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In-swing windows anyone?

jim_eaton's picture

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okay guys -- i just returned from germany where i spent 10 days painting my father inlaws tilt/turn window. The engineering on those windows is the best. The windows are actually 2 separate panes held together by a twist pin. a key seperates the windows. There is a 1 to 1.25 inch space between the windows where a window blind is mounted. Curtains can also be used. A control string to operate the blind comes out of a small hole at the top of the window frame. Because the blind is between the 2 windows it stays cleaner, longer. The windows are mounted on a peg type hinge so that they simply lift off the hinge for removal. The windows also seal tight when you close them because of their 3 tier design. Marvin Windows make a tilt/turn window - not sure of the price though. You can call them at 800-346-5128 or in canada 800-263-6161. Yeah, the german windows don't have screens but since the window operates into the house why not make screens and mount them on the outside frame?

Jim

(post #176436, reply #10 of 25)

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A post script from Jim -- the draw back to those german tilt/turns? Try painting them. every one window is actually TWO, inside and out. makes for alot of paint and a lot of german beer.

jim

(post #176436, reply #16 of 25)

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Gabe

Only mentioned Marvin cause I had their catalog in front of me -- getting ready to remodel the kitchen and need to install a new double hung window. Tell me about your Canadian window company. Available in the U.S.?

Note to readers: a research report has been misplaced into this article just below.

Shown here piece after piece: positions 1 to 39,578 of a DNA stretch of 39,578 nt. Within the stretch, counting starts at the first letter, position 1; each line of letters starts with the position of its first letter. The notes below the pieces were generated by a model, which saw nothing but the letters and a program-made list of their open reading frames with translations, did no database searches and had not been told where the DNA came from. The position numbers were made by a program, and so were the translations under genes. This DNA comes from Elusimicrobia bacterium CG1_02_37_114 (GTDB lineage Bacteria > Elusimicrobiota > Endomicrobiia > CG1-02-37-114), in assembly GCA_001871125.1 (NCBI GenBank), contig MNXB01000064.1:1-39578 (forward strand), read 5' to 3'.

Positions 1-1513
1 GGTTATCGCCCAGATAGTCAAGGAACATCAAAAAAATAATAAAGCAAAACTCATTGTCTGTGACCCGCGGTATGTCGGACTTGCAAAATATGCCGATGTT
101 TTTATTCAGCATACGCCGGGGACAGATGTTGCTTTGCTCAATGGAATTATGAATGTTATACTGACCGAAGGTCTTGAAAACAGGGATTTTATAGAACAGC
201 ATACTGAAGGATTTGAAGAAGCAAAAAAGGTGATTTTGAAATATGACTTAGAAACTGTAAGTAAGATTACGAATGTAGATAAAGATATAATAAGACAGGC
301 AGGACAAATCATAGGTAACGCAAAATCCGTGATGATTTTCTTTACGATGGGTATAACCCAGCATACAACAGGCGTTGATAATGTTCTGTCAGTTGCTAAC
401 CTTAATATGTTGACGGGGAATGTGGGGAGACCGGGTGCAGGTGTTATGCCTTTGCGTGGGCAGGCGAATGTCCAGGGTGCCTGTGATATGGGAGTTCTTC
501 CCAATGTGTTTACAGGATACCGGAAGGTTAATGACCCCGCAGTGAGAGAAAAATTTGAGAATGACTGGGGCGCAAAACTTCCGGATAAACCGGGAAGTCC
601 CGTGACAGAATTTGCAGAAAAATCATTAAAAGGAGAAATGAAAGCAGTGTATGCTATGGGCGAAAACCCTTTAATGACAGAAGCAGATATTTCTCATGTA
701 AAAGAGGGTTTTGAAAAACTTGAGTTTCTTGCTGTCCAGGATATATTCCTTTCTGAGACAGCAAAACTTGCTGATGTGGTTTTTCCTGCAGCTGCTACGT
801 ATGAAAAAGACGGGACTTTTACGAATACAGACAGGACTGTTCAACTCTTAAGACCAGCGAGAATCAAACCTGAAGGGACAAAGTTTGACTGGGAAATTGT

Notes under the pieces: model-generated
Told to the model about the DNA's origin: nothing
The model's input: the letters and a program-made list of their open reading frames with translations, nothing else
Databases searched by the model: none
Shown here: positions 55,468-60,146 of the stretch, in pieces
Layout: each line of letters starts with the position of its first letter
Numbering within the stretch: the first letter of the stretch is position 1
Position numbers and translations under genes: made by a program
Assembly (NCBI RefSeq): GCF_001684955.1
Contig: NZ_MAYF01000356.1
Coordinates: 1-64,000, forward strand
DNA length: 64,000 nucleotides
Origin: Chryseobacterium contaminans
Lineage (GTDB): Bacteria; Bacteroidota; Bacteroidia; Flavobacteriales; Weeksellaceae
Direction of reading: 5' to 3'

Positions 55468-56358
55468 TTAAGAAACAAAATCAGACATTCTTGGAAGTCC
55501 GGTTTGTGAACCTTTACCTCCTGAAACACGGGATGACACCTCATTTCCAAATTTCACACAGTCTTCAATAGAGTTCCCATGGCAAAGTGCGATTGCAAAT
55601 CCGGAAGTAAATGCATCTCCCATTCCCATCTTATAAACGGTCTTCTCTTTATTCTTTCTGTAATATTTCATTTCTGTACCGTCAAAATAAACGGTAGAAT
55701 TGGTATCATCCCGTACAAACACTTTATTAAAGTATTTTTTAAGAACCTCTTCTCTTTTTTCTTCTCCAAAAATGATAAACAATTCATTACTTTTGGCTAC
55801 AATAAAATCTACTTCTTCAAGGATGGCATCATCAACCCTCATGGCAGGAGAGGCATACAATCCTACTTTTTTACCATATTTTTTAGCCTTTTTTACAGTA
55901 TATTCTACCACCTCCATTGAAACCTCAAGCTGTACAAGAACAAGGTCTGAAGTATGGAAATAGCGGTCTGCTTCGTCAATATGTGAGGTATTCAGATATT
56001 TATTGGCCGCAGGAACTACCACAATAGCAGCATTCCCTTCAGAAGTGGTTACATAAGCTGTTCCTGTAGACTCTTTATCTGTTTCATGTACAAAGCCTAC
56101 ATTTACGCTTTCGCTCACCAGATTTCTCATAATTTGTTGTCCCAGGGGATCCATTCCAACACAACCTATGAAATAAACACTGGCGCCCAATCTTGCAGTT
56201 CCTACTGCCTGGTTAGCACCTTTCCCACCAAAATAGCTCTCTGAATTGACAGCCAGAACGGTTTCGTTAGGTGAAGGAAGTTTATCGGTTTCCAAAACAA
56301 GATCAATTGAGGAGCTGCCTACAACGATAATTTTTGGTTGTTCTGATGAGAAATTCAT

Jim

(post #176436, reply #18 of 25)

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Just a word about Gabe's windows ... GREAT. I have installed these windows on my house on the shore in Cape Breton and am very impressed with the design and fit. Put me on your "happy customer" list. GB

(post #176436, reply #19 of 25)

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You got to go to Germany to paint windows and drink beer...and you're COMPLAINING!!?!

Trade ya...:-)

(post #176436, reply #20 of 25)

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Just complainin' about the paintin' -- cuts into the beer drinkin' time!

(post #176436, reply #22 of 25)

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I think Kolbe & Kolbe offers a tilt and turn in their commercial line.

(post #176436, reply #24 of 25)

Hi Gabe,


I'm a general contractor building custom homes in Lake Tahoe, California, high altitude, 25 feet of snow per year, 300 days of sunshine.  I haven't been too impressed with the windows we have available around here except for one, Loewen, also from Canada.  However, I am interested in the windows you have written about, and would love some information.  Colors?

(post #176436, reply #23 of 25)

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I couldn't help but notice that "Undesigned in Minnesota", in the latest FH HOMES, features in-swing casement windows. I've been looking for someone who manufactures these for over a year, does anyone know of a company that offers them? The ones in this article look custom built, and I have been given some estimates for custom built in-swing windows that would curl your straight-edge. My best bid, but still too high, is from an Italian company, including shipping to California! My client is steadfast with the desire for in-swing, as many older European homes have them and he is quite fond of the style. Further, whenever I ask a window rep. for an in-swing window they say it would leak, so then I ask for an out-swing ext. door and they give me the same answer. Why America is so fixated on out-swing casements?

(post #176436, reply #1 of 25)

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Teo,

The only inswing windows I've ever worked with are "Tischler's",and I think the spelling is correct. They come in mahogany, oak, cherry etc. and are made in Germany. They also tilt in at the top, in case you want to walk down your hallway while the window is open.

The last I heard the lead time was about 10 months, and you had better own your own bank if your house has more than one window in it.